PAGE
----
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Game Boy

From Wikipedia, the free encyclopedia


The Game Boy is a handheld game console developed and manufactured by Nintendo, released in 1989 at $89.95 USD[1]. The Game Boy was the first successful handheld console, and was the predecessor of all other iterations of the Game Boy line.

The Game Boy was originally bundled with the puzzle game Tetris, since Nintendo thought that an addictive puzzle game would get consumers' attention.



A screenshot from Tetris (1989) for Game Boy.
A screenshot from Tetris (1989) for Game Boy.
Main article: List of games for the original Game Boy

One of the top-selling games for the Game Boy was Tetris, which sold about 3 million copies[2] and is an example of a killer game. Tetris was packaged with the Game Boy, and often, consumers were buying the Game Boy so as to play Tetris[3].


The Game Boy's main controls are located on the lower half of its front frame.

Like the NES controller, the Game Boy has four face buttons labelled "A," "B," "SELECT," and "START." The functions of these face buttons vary from game to game, though generally, the START button is used as a "pause" function to temporarily stop gameplay. The Game Boy also features a Directional Pad, allowing up to eight directions of movement in its games.

Outside of buttons used in gameplay, there is a volume control knob on the right side of the console, and a similar knob to change the contrast on the left side. The ON/OFF switch is located at the top of the Game Boy[4].


The right side of the Game Boy, showing the volume control and the link cable port.
The right side of the Game Boy, showing the volume control and the link cable port.

The Game Boy contains the following input/output connectors:

  • A power input, located on the left side of the handheld console. This is used primarily with the Game Boy Battery Pack / AC Adapter to allow the Game Boy to run off either the pack, or standard AC power. The adapter input varies according to region due to differences in mains power standards; for example a North American adapter (being 120 volts AC at 60 hertz, and 4 watts of power) would not work correctly if used with European supplies, which are typically 230 volts. The output however is always 6 volts DC at 250mA[4].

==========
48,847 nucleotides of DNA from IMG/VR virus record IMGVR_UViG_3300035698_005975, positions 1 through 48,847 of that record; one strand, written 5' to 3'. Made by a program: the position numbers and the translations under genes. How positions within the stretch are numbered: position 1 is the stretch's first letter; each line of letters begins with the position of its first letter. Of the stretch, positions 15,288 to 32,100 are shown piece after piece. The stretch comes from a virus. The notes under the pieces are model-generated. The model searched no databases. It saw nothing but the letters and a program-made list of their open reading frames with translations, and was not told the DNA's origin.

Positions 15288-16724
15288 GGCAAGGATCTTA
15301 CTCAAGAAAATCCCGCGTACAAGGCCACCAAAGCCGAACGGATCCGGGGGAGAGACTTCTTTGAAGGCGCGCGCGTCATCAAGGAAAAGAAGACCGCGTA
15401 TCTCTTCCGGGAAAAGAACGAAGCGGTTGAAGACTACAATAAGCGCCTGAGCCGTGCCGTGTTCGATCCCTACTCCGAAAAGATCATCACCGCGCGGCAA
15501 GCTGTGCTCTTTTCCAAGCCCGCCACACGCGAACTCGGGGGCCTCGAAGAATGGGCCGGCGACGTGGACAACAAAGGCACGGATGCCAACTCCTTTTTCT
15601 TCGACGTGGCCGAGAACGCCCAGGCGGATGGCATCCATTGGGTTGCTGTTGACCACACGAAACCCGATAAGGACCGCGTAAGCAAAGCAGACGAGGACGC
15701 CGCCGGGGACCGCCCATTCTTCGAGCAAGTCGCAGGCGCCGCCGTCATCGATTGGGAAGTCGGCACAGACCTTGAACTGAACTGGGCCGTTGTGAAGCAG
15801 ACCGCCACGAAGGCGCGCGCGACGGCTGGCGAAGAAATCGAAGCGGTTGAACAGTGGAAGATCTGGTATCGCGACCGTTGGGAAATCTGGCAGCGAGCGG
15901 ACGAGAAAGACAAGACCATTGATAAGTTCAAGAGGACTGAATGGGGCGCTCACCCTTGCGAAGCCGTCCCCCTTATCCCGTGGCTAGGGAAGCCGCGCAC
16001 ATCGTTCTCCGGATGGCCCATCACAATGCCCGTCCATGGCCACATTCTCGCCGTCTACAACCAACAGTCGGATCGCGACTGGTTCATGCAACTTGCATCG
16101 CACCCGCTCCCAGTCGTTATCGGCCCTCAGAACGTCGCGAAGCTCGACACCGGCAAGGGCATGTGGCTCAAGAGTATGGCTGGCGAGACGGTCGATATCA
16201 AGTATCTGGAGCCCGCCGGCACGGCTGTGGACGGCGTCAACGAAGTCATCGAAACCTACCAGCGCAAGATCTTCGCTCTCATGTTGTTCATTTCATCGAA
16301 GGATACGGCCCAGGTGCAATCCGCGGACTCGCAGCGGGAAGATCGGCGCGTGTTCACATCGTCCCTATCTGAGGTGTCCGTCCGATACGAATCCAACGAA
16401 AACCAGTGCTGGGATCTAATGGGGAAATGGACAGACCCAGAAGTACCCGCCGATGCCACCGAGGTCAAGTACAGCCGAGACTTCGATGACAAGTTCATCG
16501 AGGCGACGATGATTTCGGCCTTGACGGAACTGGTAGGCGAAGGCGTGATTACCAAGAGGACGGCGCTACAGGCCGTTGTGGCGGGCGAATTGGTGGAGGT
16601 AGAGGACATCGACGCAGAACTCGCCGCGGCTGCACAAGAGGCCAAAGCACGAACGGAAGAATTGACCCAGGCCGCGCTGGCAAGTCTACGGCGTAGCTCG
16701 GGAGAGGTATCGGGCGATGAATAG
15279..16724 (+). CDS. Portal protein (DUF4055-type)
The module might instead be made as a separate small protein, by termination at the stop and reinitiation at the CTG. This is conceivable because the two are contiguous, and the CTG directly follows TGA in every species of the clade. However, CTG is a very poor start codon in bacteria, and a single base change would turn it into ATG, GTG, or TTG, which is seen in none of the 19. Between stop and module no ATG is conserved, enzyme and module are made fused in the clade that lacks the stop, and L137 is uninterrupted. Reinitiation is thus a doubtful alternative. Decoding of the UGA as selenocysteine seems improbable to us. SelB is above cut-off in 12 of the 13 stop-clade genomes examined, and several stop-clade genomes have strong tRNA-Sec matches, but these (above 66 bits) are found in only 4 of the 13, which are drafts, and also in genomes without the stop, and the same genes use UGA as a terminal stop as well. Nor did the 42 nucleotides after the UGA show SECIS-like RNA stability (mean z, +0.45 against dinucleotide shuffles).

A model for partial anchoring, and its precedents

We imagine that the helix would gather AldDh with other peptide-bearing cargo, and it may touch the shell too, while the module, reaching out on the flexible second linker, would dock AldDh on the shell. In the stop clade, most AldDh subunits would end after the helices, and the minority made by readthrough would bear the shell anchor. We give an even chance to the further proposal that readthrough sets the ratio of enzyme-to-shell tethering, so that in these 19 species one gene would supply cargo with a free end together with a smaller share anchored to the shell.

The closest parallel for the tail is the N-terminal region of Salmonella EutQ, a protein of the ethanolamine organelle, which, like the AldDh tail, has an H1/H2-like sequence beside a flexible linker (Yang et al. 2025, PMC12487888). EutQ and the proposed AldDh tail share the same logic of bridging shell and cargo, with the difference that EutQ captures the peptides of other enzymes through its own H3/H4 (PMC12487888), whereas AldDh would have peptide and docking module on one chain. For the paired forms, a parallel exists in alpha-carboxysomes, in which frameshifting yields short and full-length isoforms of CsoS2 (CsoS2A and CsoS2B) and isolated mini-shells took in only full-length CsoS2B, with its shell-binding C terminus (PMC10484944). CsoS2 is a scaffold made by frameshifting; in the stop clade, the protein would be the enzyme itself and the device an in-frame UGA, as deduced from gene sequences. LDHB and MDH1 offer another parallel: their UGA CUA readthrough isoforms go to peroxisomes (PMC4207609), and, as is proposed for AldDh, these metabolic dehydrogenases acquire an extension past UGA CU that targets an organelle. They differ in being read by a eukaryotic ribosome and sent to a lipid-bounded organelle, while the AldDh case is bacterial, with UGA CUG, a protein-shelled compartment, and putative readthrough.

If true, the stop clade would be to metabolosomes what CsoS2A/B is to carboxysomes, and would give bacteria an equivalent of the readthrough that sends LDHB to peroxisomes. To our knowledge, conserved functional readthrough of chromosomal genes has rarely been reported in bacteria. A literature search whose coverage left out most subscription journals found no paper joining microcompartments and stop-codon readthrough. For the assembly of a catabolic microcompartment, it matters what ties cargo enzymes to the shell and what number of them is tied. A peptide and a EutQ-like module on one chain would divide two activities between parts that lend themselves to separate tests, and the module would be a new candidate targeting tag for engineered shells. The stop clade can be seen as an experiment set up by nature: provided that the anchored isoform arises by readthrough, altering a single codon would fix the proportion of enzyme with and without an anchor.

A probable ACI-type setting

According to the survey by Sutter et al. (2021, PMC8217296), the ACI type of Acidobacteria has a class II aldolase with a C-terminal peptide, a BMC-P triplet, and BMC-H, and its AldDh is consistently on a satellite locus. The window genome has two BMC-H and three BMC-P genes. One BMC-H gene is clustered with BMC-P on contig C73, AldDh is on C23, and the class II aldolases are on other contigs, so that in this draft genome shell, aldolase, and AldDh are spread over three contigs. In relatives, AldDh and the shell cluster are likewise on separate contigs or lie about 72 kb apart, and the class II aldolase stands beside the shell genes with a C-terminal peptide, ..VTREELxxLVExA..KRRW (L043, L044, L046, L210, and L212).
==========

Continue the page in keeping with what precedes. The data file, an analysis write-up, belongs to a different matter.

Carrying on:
• A link cable port, located on the right side. It connects two Game Boy handheld consoles, and transfers information between two games of the same type or same series. This was widely used in games such as Pokémon.
  • A 3.5mm stereo headphone jack output is located on the bottom side of the console.
  • An input for Game Boy cartridges (also called Game Paks) is situated on top of the Game Boy.

Sales and competition

The success of the Game Boy is exhibited in one way by its expansive and successful line of consoles. For instance, the Game Boy Color and Game Boy Advance have reached worldwide sales figures of 49 million (as of December 2004) and 75 million (as of June 2006), respectively. The original Game Boy sold roughly 70 million units worldwide.

At the time of its release in 1989, the Atari Lynx, also known as the "Handy," was also just being introduced to the market. This system featured color graphics, a backlit screen, and networking capabilities.[5] Nevertheless, its release price of $179, substantial requirement of 6 AA batteries that would provide roughly four hours of gameplay (compared to 10-12 on the Game Boy), physical bulkiness, and other factors doomed it to a second-rate status[6].

In the 1990s, Nintendo experienced heavier competition from Sega's Game Gear. To promote its new, color console, Sega aired a number of negative but unsuccessful ad campaigns in the United States that criticized the Game Boy's monochrome color palette. Nonetheless, the Game Gear suffered from generally the same problems that the Lynx did.